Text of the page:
Is tech hurting American soft power?

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The Nerdshala Global Affairs Project examines the increasingly intertwined relationship between the tech sector and global politics.

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Nearly 30 years ago, political scientist Joseph Nye reversed that convention when he suggested that states exert not only “hard” power—that is, military power—but also “soft” power. Soft power, wrote Nye “When a country gives other countries what it wants

In other words, soft power is a law of attraction, not a force. Countries with more cultural, economic, scientific and moral influence, the theory goes, “punch above their weight”, converting that influence into material gain. This includes everything that is not guns, soldiers, or materials. Queen Elizabeth II is a soft power all-star like Rihanna. But there are also Hollywood, Sushi, Louis Vuitton and Copacabana Beach.


The likes of Broadway, Michael Jordan, Harvard and Starbucks have long made America a superpower in traditional ways, as well as a soft power. But much of American soft power in recent years can be attributed to our technological ingenuity. After all, the biggest names in technology — Amazon, Facebook, Google — are Americans. The world’s rich use iPhones almost universally; The world’s top companies run on Microsoft Windows. And from Narendra Modi to the Pope, world leaders rely on Twitter and Instagram to reach their followers.

In other words, the OS of the world is American. And that means much of the world is based on technology, which is, for the most part, based on American values ​​such as free speech, privacy, respect for diversity, and decentralization.

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Meanwhile, Silicon Valley is probably America’s biggest foreign draw. maximum 40% Among the software employees are immigrants. Google, Tesla and Stripe all have immigrant founders. When I went to Stanford a decade ago, I had witnessed the endless march of delegations arriving firsthand. Germans, Australians – even Russian President Dmitry Medvedev – all came up with some version of the same question: How can we replicate Silicon Valley back home?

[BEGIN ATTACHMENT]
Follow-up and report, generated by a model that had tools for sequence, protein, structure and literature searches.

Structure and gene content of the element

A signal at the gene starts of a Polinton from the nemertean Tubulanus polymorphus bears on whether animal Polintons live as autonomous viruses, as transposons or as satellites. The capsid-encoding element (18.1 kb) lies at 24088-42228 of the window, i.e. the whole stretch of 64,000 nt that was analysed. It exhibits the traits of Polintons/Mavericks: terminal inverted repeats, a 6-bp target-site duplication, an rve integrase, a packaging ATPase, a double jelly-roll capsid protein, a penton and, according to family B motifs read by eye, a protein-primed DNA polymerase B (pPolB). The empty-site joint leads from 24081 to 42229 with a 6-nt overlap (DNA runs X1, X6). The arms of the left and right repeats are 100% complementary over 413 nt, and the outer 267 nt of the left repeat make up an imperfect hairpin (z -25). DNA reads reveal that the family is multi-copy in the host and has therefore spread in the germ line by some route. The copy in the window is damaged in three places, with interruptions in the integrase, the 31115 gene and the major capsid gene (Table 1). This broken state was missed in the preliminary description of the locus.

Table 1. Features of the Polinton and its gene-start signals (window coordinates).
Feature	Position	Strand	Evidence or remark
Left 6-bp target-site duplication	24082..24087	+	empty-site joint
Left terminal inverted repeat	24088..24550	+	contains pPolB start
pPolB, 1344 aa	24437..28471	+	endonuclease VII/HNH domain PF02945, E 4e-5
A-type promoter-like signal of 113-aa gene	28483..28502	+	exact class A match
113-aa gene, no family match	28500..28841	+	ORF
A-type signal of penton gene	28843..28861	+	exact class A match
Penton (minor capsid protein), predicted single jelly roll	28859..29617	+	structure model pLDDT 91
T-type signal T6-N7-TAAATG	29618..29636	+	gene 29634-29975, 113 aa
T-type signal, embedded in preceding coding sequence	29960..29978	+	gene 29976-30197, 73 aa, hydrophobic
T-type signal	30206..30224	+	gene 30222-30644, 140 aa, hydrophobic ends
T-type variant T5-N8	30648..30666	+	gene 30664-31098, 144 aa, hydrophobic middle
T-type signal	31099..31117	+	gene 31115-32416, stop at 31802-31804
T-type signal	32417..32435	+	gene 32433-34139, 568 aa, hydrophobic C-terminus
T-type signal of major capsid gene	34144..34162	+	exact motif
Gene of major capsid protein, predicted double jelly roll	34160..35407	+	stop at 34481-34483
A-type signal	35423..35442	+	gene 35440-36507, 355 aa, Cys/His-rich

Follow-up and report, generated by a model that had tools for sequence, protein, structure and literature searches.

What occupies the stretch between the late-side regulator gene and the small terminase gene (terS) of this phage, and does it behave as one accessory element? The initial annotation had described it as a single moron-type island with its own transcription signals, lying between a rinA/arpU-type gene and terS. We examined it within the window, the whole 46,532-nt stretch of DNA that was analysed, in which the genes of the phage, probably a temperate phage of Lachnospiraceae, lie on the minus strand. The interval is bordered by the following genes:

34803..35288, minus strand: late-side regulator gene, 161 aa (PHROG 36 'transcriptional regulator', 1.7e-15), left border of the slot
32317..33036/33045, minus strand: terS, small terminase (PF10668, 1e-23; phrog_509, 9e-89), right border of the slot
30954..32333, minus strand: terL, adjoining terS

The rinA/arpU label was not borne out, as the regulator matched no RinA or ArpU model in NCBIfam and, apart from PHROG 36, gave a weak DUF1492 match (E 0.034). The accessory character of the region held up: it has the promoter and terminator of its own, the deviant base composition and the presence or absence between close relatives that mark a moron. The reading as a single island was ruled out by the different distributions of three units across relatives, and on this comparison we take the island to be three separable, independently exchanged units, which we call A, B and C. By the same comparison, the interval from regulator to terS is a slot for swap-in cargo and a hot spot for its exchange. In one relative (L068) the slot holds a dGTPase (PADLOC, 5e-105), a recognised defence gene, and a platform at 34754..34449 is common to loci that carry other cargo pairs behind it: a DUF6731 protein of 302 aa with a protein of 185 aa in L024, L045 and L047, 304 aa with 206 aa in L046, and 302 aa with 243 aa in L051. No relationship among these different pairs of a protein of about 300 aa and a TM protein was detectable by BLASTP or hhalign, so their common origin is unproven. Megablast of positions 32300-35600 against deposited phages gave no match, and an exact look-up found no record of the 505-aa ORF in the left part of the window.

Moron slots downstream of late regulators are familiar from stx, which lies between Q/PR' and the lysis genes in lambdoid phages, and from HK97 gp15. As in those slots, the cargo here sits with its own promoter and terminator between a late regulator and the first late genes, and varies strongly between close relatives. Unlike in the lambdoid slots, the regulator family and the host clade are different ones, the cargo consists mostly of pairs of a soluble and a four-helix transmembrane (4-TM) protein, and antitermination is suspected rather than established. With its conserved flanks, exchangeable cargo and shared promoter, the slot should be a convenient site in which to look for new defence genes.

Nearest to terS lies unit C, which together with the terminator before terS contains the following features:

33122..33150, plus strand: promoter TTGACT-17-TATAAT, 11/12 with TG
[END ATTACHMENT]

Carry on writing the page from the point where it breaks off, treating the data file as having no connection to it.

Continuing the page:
American politicians are right to point to our tech sector as one of America’s best exports. But what happens when it stops being a force for good? Is it really possible for soft power to go upside down and breach With the influence of a nation?

After all, the harmful externalities of technology have been adequately documented – fake news In India, a gencoide to count Propagation of ISIS in Myanmar, in Britain. Europe is Gaya While Amazon has come after tech giants like Apple and Google for evading taxes and violating privacy under fire For the exploitation of workers in Britain. And the unhealthy effects of technology on children and teens are rightly coming under scrutiny.

As technology is tied to more and more rigid power – and as American supremacy relies more and more on Big Tech firms – Washington is left with a conundrum: If, as Nye, approved In 2012, “credibility is the scarce resource,” has America Brand been able to separate its tech firms’ increasingly damaging actions (and reputation) from USA?

This whole situation reminds me of the COP26 climate change talks that concluded last month in Glasgow. Many argue that rich countries are not responsible for the actions of their energy companies. It’s a controversial question, but one thing is certain: Exxon Mobil no longer burns America’s image. In fact, as the economic costs of climate change are increasingly being priced in, it is more likely a liability than an asset.

Unlike its oil giants, America’s tech industry is not facing a civilizational crisis. We generally find their products useful. They have generated massive economic activity. And they have positive externalities. To take a non-fictional example, Apple iPhones now used to record human rights abuses are posted to Alphabet’s YouTube and shared on Meta’s Facebook and WhatsApp.